Artistic interventions have been turned into something of a fetish in artistic circles and institutions. Even the best intentions from artists, organizers, and curators often end up absorbing the radical histories and potentials of past actions and interventions within and outside the sphere of culture. By virtue of the “artistic” moniker, institutions and organizations often neutralize the idea of an intervention, extricating it from its situated environment in politically informed civil life. The idea that an intervention can be performed within the boundaries of the art industries as an action exogenous to the space, people, or conflict intervened in is thus normalized. In these circumstances the political itself is sanitized and the action appropriated for nothing more than a cynically calculated move to be used in an artistic, curatorial or institutional CV.
What makes them cynical, what divorces the intervention from its potency, is related to a number of factors. One, interventions are often staged within cultural organizations that make use of the energetics of political rhetoric but do not engage in self-questioning of the material reality in which they are embedded: the art industries and its markets. This is ironic if we take into account to what extent different Marxist approaches are used to justify the necessity of a so-called socially and politically engaged art that criticizes a capitalist mode of production in the field.
For example, an exhibition that proposes to look at the ideas communism in an institution that employs young people as interns without pay.*1 *(1)
If the intention for facilitating spaces for intervention is informed by a desire to engage in social critique and transformation this cannot happen disengaged from the critique of injustices that take place in the field of art itself: a field based on the appropriation and capitalization of work and ideas.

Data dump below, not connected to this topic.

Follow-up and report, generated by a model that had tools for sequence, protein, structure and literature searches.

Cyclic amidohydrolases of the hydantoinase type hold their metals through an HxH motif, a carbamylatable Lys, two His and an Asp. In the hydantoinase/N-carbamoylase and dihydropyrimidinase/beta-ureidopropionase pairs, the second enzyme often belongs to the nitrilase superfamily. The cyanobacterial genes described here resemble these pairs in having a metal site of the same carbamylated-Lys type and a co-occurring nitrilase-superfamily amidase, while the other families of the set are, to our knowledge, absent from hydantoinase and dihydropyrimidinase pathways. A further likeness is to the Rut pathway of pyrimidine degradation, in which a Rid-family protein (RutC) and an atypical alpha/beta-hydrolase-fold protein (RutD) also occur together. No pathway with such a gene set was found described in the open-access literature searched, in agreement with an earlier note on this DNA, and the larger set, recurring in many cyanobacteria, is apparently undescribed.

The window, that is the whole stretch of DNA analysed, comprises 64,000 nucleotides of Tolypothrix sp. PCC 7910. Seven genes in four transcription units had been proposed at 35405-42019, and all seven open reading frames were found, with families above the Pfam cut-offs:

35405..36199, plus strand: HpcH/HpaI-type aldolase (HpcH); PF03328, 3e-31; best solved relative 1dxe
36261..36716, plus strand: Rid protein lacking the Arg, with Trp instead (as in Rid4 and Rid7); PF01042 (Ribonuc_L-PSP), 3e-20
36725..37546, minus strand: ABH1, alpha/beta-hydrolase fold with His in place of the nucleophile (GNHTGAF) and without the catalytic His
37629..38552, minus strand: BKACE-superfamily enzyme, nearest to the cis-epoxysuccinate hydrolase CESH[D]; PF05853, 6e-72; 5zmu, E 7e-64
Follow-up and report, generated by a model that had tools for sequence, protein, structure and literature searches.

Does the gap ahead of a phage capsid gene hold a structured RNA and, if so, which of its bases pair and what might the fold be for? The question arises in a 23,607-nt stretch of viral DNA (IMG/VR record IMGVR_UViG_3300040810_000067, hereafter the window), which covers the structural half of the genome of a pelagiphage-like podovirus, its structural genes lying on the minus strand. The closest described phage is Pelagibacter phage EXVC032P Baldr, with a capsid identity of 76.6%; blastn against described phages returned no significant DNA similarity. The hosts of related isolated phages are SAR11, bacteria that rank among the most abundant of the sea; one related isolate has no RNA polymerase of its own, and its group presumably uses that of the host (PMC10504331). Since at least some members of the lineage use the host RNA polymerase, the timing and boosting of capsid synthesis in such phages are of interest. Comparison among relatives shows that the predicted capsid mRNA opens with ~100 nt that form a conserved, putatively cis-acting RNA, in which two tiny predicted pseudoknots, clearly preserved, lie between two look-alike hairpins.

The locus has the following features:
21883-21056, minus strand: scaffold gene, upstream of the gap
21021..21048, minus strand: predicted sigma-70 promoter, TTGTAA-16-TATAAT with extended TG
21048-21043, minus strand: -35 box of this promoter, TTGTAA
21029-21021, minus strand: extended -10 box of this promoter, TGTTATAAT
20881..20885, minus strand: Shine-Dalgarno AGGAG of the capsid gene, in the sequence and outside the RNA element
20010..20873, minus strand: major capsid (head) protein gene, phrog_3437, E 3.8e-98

Two, interventions as they are showcased in exhibitions and conversations in the cultural sector, are often instigated by those affiliated within the privatized space of the creative class, in contexts in which they have no long-term affiliation (or even interest) with the struggles that are presented. For example, an exhibition or talk about interventions in the environmental industry that is shown for a very short time in an institution that has no interest or involvement with the environmental movement before or after that project. Or, in cases where these struggles are a part of institutional life, they are so at the hands of education or engagement officers—who in the enactment of institutional hierarchies—are often left out of these more spectacular moments. Beyond disengagement or sheer disinterest, such institutions and event attendees are complicit in a diversity of actions that actually harm communities. Examples of this can be found in the gentrification produced by artists, art students and recent graduates and the degree to which “socially engaged” art can be complicit in city policies of displacement and policing. See, for example, the London group Southwalk notes for their work on the role of art in the gentrification of a London neighborhood. While discussions of this complicity are common in cultural institutions, discussions of what these same institutions could do otherwise are less so.
A third way in which culturally staged interventions can have a neutralizing effect is through the mode of subjectivation produced by the arts, which valorizes individuality, signature, and competition, which often run counter to the projects of social justice in whose name interventions are staged. The fact that there is a feeling of stale inevitability to all of this is a ubiquitous excuse for not acting against the flow and the impulse to compete and prevail in this atomized and eroding cultural environment.